-Nick
     
  15. SDB Guitars

    SDB Guitars Commercial User

    Jul 2, 2007
    Coeur d'Alene, ID
    Shawn Ball - Owner, SDB Guitars
    If that's the case, I would just drill slightly oversized the holes in the body... ;) end of problem!
     
  16. Mr. Kitty

    Mr. Kitty

    Mar 14, 2008
    Sorry I missed all of that...Lots of band stuff yesterday...


    Me and one of my buddies (he's handy with tools) are getting together next week to work on it...

    so, what is the plan that i should do?

    Kay right now i have:

    1. Take the strings off
    2. Unscrew the neck from the body and take it off.

    now next would you guys recommend drilling larger holes first or just trying to see if we can reposition the neck and screw it back in right away?
     
  17. Nelson Guitars

    Nelson Guitars

    Aug 14, 2006
    Novato California
    Custom builder
    Sounds like you have a complicated situation especially since none of us can see the problems you describe and you don't have the luthier lingo to describe it well.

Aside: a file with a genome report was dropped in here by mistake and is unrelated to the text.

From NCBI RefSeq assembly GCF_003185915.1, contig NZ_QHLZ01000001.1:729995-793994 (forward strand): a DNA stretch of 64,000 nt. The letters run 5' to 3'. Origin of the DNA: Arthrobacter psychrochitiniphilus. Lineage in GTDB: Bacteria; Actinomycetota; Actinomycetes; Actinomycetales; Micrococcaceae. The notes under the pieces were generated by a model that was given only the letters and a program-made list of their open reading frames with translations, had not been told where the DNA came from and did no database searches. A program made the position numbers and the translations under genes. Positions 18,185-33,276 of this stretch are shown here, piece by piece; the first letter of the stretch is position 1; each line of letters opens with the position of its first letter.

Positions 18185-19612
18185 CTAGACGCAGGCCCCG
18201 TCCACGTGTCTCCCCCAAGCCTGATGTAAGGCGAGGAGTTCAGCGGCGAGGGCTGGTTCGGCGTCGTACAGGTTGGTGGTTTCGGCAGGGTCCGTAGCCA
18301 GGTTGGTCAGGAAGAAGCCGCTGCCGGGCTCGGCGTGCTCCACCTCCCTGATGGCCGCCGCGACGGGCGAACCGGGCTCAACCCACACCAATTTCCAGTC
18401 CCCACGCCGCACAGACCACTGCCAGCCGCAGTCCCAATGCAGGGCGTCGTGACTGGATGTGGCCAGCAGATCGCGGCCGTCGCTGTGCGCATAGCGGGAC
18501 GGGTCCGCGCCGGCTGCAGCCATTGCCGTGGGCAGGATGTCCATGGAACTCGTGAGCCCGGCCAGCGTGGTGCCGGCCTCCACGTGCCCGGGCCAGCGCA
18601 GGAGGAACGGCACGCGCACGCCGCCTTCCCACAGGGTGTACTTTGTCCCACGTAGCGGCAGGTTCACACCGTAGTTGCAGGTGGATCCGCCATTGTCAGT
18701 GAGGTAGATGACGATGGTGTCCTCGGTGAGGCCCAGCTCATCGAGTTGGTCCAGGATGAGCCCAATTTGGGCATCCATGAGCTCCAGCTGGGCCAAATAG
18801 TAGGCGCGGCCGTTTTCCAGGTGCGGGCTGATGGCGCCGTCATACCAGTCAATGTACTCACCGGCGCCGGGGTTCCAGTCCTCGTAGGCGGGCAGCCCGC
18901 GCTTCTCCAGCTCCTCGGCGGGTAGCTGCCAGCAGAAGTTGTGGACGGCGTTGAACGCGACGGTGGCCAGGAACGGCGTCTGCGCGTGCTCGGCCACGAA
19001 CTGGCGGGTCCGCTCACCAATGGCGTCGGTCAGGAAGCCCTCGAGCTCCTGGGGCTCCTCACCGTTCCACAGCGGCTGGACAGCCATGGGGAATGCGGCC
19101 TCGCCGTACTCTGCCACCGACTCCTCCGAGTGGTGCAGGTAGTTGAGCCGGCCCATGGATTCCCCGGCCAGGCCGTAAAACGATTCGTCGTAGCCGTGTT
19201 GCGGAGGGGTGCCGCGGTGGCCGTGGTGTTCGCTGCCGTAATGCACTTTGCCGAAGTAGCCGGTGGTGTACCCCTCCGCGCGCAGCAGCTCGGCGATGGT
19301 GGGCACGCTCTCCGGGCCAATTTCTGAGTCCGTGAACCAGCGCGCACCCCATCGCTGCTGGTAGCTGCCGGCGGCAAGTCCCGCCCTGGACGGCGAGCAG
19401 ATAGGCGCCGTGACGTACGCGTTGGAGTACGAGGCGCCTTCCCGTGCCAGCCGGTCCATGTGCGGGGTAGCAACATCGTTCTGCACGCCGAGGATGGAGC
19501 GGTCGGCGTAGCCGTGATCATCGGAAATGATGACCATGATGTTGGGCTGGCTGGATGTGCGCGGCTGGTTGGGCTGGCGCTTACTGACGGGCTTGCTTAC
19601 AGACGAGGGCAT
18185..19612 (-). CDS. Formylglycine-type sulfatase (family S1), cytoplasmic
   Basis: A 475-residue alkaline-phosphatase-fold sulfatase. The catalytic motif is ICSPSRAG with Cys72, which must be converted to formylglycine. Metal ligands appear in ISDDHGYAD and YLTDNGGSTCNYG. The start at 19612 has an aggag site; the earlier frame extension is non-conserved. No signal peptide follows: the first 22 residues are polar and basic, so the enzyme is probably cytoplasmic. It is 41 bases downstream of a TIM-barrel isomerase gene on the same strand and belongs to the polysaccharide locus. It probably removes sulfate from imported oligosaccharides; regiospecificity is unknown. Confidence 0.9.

I suggest simplifying the situation by doing the following.

    1) Take all tension off the truss rod and remove the neck from the instrument. Inspect for glaring problems like stripped screws. washers installed as shims, etc. Verify that the mounting screws pass through the body without "biting" into the wood. They should be snug but not bound.

    2) Check that the neck is flat or has a slight back bow after removing the tension from the truss rod. It may take a day or more for the wood to relax back to it's "normal" state after removing the tension.

    3) Meanwhile, verify that the neck fits the pocket snugly. Too much slop from side to side is trouble. Make sure the end of the neck seats tight to the body when the screw holes align. Also, check that the back of the neck heel fits flat and tight against the bottom of the pocket. See if you can rock it back and forth at all and remove any high spots if you have them.

    4) Install the neck and see if it is within the height adjusting tolerance of your bridge. If it is too far out you must decide if you want to install shims in the pocket or remove material from the pocket or neck heel to bring it into range. After doing so repeat step 3.

    5) If you are within tolerance then install neck and string up. Let it sit over night under tension and then start your set up.

    Set up is something to be worked into place not just done once and forgotten. Every adjustment made effects the other adjustments you can make. Also, your idea of action is not my idea of action. Your playing style is not mine. There are ranges or target tolerances that can be discussed, but in the end it depends on you and your playing style. Only you know what these are.